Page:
Quite a lot of traders use John's recommended vol model settings of "Use combined call/put skews" in OptionVue. My understanding is that the only reason one would want to combine them is for stock options that are less liquid whereas for index options, that are much more liquid, modeling the calls/puts separately should be more accurate. Do you know why John recommends a combined approach to call/put skew modeling?
If you choose to model the skew curves separately you get different deltas and hence you would select different strikes versus using John's recommended settings.
How have you configured OV? My thinking is to use John's recommended settings for his systems and use separate modeling for the stuff I'm trying to develop on my own.
What are your thoughts?
John Locke has always recommended combining call and put skew, and continues to do so today.
As it appears you may have already noticed, the skews of puts and calls are quite different, especially when you get big moves up or down.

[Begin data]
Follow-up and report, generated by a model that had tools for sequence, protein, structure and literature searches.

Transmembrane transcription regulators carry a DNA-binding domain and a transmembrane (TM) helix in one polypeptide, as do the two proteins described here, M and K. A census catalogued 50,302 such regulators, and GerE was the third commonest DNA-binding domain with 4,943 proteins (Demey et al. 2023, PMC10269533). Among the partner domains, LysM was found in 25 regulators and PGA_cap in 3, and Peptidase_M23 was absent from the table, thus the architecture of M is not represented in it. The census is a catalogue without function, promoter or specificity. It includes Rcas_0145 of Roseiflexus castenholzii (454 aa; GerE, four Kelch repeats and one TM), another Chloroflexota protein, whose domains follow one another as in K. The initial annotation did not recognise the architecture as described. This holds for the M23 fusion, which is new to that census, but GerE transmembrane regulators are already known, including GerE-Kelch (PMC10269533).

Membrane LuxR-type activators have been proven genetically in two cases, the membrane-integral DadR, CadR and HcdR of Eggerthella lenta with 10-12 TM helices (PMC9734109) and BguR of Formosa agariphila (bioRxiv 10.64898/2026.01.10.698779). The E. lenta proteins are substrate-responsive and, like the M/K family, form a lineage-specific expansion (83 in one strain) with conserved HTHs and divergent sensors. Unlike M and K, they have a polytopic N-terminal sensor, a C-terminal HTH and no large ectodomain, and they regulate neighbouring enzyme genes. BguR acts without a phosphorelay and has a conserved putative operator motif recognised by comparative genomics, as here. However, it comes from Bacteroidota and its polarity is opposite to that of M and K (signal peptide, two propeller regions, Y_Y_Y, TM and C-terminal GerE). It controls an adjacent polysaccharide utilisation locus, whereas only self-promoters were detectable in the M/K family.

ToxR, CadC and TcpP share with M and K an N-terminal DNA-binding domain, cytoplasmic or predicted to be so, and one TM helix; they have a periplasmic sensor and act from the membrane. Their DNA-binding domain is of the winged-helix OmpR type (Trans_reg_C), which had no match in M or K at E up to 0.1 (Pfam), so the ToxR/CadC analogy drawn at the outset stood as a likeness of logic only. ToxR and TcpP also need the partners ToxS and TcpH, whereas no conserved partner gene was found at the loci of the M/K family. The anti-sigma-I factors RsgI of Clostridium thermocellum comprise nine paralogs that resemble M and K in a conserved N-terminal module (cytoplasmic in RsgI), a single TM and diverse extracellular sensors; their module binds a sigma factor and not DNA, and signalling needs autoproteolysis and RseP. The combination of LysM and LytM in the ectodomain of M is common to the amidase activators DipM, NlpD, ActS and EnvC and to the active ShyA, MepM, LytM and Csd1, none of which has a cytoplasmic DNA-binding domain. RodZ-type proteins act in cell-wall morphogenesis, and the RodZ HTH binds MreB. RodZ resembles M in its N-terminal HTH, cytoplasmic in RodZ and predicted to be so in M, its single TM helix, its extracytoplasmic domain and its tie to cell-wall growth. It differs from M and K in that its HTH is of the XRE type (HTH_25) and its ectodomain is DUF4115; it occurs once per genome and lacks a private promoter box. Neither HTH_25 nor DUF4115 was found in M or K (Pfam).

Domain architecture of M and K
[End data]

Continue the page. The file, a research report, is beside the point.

In the past, I decided to do my own set of backtests and compare the accuracy of combining call/put skew vs not combining them.
I found that I had slightly more accurate results of P&L when not combining call/put skews.
John Locke created all of the guidelines for his trades by having combine call/put skew turned on.
Note that deltas will shift across the entire chain when you combine call/put skews.
Therefore, if you wish to follow John Locke trades strictly by his original guidelines, such as hitting a particular adjustment point based on the position deltas, then I would suggest that you stick with having combine call/put skew enabled.
On the other hand, if you have understood the main concepts that he teaches in the trades, and are therefore happy to make your own determination of when and how to adjust the trade based on what the greeks are saying and the shape of your T+0, then in my opinion, you'll have slightly more accurate projections by turning off combined call/put skew when trading the main indexes.